Gov.-elect Janet Napolitano has proposed a commission to undertake a "comprehensive performance review" to solve Arizona's continuing budget crisis. The review committee would be composed of economic experts and business leaders and tasked with finding $300 million in savings. Despite the old saw that good reforms tend to die in committee, there is reason to believe that a committee is a good idea.
Twenty years ago, the Reagan White House created the Grace Commission, consisting of 161 senior business executives and more than 2,000 private sector volunteers, to conduct a comprehensive review of the federal budget. The final report made 2,478 recommendations to eliminate waste, mismanagement and inefficiency in Washington, equaling a potential savings of $424 billion.
The most successful idea to come from the Grace Commission was the Base Realignment and Closure Commission (BRAC). Before the BRAC, Congress had been unable to close unnecessary military bases: congressmen were simply unwilling to vote to close bases in their districts. But in 1988, Congress delegated authority to the BRAC to create a list of superfluous military bases. That same year, Congress voted in favor of an omnibus base-closing bill containing a slate of military bases submitted by the BRAC.
The secret to the success of the base-closing bill was that nearly every congressional district had a base on the list. Each congressman was making a sacrifice, and none could claim that his district had been singled out. By casting a broad net, the omnibus bill galvanized a majority coalition. The BRAC produced base closings again in 1991, 1993, and 1995.
An Arizona budget commission should be modeled after the BRAC and the Grace Commission. This budget realignment commission should go over the budget with a fine-toothed comb, uncovering the waste and suggesting various programs for elimination. Those suggestions should be written into an omnibus, stand-alone legislative bill. The un-amendable bill should then be subject to an up-or-down vote on the floor of the House and Senate within a specific time period. That process would have the effect of keeping special interests out of the amendment process, and force the legislature to make tough decisions.
In its quest to cut government waste, the budget commission could start by reading the Arizona Piglet Book, published by Citizens Against Government Waste and the Goldwater Institute. Modeled after the Congressional Pig Book, the Arizona Piglet Book details local waste and duplication in the budget, identifying over $270 million to be saved through the creation of a leaner and more efficient Arizona government. The Piglet Book's recommendations run the gamut from eliminating the Office of Tourism and the Office of Sports Development to opening up government services to contract bids.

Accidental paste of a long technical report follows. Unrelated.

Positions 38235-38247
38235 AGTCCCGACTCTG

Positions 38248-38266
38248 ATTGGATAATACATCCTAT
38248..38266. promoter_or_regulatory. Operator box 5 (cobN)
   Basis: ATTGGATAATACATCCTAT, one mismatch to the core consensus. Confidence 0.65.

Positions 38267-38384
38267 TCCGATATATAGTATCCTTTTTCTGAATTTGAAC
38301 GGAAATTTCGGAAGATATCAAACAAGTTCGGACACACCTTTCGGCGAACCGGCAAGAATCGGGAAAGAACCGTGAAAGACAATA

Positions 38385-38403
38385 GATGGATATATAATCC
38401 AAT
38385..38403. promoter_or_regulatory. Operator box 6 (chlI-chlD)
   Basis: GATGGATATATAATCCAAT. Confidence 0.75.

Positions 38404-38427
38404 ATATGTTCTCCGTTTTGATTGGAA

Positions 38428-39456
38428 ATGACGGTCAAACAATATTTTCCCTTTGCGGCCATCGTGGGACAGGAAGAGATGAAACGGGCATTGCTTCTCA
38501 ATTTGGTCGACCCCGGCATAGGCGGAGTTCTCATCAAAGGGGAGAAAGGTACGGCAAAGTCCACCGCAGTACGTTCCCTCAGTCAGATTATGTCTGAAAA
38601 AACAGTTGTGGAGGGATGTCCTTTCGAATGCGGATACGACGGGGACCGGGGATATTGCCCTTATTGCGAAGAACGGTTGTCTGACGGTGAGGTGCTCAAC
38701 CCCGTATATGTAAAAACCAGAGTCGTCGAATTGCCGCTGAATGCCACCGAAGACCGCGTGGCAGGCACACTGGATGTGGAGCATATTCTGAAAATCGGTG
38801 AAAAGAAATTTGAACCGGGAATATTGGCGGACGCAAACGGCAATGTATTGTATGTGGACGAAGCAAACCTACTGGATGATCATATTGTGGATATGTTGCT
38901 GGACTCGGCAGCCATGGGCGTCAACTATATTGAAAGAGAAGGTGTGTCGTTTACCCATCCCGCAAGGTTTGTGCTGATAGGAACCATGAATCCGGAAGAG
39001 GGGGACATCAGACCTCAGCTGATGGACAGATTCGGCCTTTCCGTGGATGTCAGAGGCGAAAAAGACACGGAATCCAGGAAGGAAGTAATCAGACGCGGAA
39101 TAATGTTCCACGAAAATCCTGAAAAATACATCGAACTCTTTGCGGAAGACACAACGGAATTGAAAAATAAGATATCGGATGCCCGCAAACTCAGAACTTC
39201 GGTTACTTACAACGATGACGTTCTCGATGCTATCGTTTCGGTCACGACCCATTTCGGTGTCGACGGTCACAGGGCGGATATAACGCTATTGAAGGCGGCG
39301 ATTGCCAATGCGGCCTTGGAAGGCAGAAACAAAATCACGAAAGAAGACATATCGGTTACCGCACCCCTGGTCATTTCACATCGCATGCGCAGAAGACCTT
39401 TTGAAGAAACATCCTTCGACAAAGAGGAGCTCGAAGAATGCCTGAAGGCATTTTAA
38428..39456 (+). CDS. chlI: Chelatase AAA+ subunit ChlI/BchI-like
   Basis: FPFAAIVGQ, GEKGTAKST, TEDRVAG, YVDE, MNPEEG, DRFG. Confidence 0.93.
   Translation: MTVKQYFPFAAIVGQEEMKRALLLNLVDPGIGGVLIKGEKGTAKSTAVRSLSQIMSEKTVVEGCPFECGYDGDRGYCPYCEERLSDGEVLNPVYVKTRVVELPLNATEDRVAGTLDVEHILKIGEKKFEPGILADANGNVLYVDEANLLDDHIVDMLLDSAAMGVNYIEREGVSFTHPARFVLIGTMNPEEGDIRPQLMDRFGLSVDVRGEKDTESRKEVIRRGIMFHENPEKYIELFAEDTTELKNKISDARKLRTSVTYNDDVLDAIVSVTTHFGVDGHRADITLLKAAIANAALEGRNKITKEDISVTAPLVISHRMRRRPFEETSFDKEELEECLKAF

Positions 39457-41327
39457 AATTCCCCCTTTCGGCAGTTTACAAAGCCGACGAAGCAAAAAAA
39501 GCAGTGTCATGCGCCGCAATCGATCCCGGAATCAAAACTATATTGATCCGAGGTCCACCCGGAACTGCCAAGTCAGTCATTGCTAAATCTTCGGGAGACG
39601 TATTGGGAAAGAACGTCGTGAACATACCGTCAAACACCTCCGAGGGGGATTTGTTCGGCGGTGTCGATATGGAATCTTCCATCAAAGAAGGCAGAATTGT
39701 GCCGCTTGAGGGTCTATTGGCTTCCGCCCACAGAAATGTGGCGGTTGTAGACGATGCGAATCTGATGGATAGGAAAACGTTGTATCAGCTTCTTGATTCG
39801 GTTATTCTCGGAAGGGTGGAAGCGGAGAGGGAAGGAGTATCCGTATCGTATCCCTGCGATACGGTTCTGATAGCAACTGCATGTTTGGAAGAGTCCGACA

Although Gov.-elect Napolitano is to be commended for suggesting the idea of a budget commission, there is one questionable element to her proposal: Napolitano would have the commission recommend $200 million in tax increases by closing various "loopholes" in the state sales tax. While there may be good reasons to close some of those tax exemptions, eliminating them without also lowering the sales tax rate would amount to a sizeable tax increase on consumers.
Moreover, raising taxes will not solve the root problems associated with wasteful government spending. Waste is waste, regardless of whether the state is operating in the red or the black. Also, raising taxes during a recession hurts the economy. We've seen what happened to states that raised taxes to balance their budgets in the recession of the early 1990s. Substantial data show that those states had the most trouble climbing their way out of the recession, and when they did, their job growth and personal income growth rates were below the national average. On the other hand, states that cut taxes had uniformly faster economic growth, exceeding the national average.
Instead of raising taxes, the budget commission should strive to find an additional $200 million in spending cuts, for a total of $500 million. Our recommendations shield health care and K-12 education from budget cuts, but if those budget areas could be examined, the budget could be balanced through efficiency gains and small expenditure reductions.
A decade of reckless spending has plunged Arizona's budget into the red. With a half-billion dollars of spending to cut, the new governor and legislature have a tough year ahead of them. A well-designed budget commission could make their jobs a lot easier.
--Stephen Slivinski is Director of Tax and Budget Studies for the Goldwater Institute, a Phoenix-based free market think tank.
--David Williams is the vice president for policy at the D.C-based Citizens for a Sound Economy. They are co-authors of an upcoming study, The Arizona Piglet Book.